These questions were made more specific for the reviews (see reviews for further details).

Reviewing the evidence of effectiveness

Two reviews of effectiveness were conducted.

Identifying the evidence

The following databases were searched for all types of evidence (from 1990–2008):

  • ASSIA (Applied Social Science Index and Abstracts)

  • British Nursing Index

  • CINAHL (Cumulative Index of Nursing and Allied Health Literature)

  • Cochrane Central Register of Controlled Trials

  • Cochrane Database of Systematic Reviews

  • DARE (Database of Abstracts of Reviews of Effectiveness)

  • Econlit

  • EMBASE

  • HTA (Health Technology Assessment)

  • Maternity and Infant Care

  • MEDLINE

  • NHS EED (NHS Economic Evaluation Database)

  • PyscINFO

  • Science Citation Index

  • Social Science Citation Index

A search was also conducted of the following websites:

Further details of the databases, search terms and strategies are included in the reviews.

Selection criteria

Studies were included in effectiveness review one if they involved:

  • pregnant women who were expecting a single baby

  • women seeking preconception advice

  • women who were actively planning a pregnancy

  • women in the above groups who had a history of (or who developed) impaired glucose tolerance or gestational diabetes.

Studies were excluded if they:

  • were not published in English

  • were conducted in non-OECD (Organisation for Economic Cooperation and Development) countries

  • involved pregnant women expecting more than one baby

  • involved pregnant women who were underweight (BMI <18.5 kg/m2)

  • involved pregnant women who had been diagnosed with pre-existing diabetes (type 1 and 2).

Studies were included in effectiveness review two if they involved women with a BMI greater than 18.5 kg/m² up to 2 years following the birth of their baby.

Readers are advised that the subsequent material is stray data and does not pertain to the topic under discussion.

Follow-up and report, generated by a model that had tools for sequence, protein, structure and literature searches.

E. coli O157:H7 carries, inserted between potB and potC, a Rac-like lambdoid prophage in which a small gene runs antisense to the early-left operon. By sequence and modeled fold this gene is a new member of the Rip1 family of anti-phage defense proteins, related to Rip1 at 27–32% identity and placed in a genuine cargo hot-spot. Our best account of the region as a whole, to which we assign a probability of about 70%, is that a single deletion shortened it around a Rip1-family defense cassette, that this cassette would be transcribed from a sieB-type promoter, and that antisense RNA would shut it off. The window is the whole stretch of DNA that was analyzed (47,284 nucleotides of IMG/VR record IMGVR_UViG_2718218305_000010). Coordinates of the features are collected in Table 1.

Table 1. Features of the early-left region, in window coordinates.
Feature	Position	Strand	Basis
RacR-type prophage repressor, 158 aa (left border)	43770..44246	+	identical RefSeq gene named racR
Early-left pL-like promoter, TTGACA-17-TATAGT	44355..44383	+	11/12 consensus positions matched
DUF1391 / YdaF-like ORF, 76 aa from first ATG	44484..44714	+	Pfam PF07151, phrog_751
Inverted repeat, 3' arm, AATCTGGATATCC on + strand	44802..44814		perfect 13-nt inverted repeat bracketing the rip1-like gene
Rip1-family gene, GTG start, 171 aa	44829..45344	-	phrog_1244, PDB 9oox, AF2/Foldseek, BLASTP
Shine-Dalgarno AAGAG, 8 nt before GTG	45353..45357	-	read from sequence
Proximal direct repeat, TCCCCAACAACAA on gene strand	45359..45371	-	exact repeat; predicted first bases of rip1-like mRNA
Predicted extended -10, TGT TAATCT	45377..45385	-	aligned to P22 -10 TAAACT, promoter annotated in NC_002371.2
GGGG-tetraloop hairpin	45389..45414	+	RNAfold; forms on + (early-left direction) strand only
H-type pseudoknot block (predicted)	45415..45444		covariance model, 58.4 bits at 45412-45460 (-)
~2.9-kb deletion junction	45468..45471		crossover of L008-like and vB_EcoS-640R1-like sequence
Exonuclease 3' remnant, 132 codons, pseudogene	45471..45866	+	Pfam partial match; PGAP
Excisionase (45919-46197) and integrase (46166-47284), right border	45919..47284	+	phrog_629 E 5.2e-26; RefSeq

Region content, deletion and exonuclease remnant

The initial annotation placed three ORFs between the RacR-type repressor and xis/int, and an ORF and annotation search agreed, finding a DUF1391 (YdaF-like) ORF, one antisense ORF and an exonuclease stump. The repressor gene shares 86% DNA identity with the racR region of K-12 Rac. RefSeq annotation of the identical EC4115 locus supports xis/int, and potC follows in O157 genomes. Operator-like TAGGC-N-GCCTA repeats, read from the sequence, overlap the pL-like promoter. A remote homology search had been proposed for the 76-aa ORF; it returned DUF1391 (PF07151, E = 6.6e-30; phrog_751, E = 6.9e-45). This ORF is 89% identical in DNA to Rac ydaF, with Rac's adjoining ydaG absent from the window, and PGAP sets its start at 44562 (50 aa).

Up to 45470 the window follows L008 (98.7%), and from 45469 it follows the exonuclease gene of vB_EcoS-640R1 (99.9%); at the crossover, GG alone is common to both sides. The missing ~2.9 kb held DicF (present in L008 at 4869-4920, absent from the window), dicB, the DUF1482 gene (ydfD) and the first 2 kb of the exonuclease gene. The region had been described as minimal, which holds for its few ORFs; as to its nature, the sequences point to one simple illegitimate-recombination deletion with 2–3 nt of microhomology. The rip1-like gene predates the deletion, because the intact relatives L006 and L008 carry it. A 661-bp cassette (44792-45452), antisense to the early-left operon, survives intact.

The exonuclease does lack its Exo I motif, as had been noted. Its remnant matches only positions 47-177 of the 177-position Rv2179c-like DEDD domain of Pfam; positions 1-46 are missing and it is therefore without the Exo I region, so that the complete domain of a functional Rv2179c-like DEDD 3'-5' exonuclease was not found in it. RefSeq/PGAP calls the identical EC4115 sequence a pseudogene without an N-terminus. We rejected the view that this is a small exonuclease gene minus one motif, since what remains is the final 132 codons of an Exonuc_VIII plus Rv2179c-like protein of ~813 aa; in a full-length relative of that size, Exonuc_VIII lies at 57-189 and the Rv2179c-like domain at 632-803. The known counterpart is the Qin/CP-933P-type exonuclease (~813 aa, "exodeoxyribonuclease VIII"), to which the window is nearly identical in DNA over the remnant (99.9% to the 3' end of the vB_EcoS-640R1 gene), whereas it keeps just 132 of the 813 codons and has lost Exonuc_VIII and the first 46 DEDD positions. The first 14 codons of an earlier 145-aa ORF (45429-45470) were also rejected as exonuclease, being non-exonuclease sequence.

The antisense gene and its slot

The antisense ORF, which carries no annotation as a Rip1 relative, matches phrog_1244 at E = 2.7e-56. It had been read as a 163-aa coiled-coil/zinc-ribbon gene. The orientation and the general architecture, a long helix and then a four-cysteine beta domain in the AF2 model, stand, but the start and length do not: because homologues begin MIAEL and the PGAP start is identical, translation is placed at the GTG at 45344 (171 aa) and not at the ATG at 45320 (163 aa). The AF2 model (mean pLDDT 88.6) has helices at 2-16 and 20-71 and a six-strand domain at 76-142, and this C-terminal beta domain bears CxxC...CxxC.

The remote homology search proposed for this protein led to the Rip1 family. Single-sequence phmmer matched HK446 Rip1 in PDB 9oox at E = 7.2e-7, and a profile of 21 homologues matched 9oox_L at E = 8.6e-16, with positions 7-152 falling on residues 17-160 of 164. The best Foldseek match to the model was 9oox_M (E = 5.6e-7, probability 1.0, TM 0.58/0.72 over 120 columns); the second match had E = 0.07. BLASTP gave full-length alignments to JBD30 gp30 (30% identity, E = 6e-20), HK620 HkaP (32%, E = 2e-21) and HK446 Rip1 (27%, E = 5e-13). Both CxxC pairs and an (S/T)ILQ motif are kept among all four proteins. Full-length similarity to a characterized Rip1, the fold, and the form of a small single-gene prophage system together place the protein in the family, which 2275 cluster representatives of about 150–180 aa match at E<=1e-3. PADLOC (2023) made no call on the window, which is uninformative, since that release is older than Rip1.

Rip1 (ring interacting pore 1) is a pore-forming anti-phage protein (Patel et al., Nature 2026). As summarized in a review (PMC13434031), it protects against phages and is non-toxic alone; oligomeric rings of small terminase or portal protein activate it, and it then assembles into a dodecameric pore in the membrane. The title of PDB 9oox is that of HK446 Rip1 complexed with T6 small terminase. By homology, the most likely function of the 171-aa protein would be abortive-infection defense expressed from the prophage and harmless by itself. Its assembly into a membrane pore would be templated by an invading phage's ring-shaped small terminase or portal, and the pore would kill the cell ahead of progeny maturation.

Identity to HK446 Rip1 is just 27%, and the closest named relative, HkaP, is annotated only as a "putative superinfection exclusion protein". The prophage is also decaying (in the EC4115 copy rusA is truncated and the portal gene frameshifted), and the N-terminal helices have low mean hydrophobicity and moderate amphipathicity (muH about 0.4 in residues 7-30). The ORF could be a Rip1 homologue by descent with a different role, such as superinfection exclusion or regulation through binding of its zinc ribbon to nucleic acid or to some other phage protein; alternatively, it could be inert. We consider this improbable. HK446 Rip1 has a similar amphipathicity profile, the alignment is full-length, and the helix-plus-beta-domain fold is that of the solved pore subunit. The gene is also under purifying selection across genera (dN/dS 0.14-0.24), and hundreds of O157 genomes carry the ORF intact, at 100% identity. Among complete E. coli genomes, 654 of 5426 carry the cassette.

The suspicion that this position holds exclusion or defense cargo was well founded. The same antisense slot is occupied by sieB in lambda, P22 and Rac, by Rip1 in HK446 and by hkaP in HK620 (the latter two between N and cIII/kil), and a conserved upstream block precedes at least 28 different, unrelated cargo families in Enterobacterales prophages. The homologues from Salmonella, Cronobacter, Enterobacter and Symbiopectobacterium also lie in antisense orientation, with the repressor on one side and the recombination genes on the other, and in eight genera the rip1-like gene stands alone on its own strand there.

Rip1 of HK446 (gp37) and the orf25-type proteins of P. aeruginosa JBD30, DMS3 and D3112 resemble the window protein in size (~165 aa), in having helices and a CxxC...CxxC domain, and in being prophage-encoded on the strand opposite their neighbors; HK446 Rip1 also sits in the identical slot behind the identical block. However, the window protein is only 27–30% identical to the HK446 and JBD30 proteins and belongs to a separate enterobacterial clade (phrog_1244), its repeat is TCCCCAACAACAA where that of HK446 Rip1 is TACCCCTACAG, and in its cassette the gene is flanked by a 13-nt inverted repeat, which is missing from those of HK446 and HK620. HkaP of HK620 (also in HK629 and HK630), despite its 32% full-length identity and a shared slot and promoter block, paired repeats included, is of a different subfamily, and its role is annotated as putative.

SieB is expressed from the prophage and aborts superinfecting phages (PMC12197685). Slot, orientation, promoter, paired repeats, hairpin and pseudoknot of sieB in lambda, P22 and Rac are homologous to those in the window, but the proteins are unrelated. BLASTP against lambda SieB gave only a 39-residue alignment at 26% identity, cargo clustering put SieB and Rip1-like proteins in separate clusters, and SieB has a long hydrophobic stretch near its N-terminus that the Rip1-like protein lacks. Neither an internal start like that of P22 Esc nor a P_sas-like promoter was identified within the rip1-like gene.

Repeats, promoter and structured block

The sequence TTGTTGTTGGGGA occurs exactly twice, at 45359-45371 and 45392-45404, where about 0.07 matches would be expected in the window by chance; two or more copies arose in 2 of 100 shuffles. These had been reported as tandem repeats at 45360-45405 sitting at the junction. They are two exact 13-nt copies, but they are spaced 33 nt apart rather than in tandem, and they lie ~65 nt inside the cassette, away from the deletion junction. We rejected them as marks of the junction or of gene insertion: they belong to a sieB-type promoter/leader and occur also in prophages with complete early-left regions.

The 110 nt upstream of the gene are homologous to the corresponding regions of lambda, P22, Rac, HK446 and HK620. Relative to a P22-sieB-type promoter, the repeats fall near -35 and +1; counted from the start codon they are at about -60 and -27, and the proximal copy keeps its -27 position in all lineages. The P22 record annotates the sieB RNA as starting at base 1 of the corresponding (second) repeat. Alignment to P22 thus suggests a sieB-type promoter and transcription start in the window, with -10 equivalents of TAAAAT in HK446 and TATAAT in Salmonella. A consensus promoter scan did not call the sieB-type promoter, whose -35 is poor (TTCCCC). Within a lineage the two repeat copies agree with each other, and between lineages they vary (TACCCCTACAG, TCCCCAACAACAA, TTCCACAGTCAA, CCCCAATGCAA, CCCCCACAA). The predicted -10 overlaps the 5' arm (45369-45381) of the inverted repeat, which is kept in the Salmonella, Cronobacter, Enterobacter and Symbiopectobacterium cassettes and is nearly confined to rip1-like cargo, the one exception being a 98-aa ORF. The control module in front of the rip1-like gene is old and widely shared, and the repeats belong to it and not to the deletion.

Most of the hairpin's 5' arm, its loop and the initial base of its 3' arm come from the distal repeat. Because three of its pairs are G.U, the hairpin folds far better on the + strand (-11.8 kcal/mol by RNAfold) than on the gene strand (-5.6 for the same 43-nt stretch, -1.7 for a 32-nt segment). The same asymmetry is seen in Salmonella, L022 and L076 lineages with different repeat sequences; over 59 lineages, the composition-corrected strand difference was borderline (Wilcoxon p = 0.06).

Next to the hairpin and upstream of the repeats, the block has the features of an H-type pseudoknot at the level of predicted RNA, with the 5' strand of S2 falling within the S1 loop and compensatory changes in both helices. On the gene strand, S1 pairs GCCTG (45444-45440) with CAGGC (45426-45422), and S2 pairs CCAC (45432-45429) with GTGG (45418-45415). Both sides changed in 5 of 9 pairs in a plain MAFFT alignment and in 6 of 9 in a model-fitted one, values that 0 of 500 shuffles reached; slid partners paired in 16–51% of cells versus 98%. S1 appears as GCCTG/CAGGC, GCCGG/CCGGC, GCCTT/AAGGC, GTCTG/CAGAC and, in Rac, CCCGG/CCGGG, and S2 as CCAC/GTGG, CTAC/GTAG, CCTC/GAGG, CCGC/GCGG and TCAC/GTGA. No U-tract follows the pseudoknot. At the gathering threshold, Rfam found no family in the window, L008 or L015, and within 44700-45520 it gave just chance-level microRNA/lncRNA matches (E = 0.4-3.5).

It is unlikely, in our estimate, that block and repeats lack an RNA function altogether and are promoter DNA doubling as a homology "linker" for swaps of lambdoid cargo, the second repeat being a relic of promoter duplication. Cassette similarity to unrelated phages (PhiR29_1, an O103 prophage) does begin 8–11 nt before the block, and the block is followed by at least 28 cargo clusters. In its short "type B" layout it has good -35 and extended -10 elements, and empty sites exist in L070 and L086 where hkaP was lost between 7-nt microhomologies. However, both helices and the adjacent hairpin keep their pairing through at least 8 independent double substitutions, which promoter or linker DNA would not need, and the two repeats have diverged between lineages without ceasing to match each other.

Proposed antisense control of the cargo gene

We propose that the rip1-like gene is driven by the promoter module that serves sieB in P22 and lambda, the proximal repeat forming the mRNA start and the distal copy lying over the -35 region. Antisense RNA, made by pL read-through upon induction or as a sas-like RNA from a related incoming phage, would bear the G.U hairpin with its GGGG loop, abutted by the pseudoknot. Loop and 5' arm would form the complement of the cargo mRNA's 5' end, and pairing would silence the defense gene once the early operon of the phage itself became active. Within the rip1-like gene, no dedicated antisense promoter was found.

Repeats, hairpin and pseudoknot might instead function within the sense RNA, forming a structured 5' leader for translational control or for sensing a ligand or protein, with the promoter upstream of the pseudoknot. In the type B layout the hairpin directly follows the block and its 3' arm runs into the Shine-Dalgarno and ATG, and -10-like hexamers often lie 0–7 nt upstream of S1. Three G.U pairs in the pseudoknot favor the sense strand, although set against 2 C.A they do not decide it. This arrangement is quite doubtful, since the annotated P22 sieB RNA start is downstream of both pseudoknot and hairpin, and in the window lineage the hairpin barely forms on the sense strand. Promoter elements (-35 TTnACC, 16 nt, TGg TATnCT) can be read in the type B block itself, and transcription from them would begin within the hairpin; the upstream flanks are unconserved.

Studies were excluded if they involved:

  • women who had been diagnosed with, or who were receiving clinical treatment for, an existing condition such as type I or type 2 diabetes

  • women who had been diagnosed with postnatal depression

  • women who were underweight (BMI < 18.5 kg/m²) after childbirth

  • women who had given birth more than 2 years before

  • clinical interventions (such as surgery or drug treatment) or complementary therapies (for example, hypnotherapy or acupuncture) to treat obesity.

Studies were also excluded if they were:

  • not published in English

  • conducted in non-OECD (Organisation for Economic Cooperation and Development) countries.

Quality appraisal

Included papers were assessed for methodological rigour and quality using the NICE methodology checklist, as set out in the NICE technical manual 'Methods for the development of NICE public health guidance' (see appendix E). Each study was graded (++, +, –) to reflect the risk of potential bias arising from its design and execution.

Study quality

++ All or most of the methodology checklist criteria have been fulfilled. Where they have not been fulfilled, the conclusions are thought very unlikely to alter.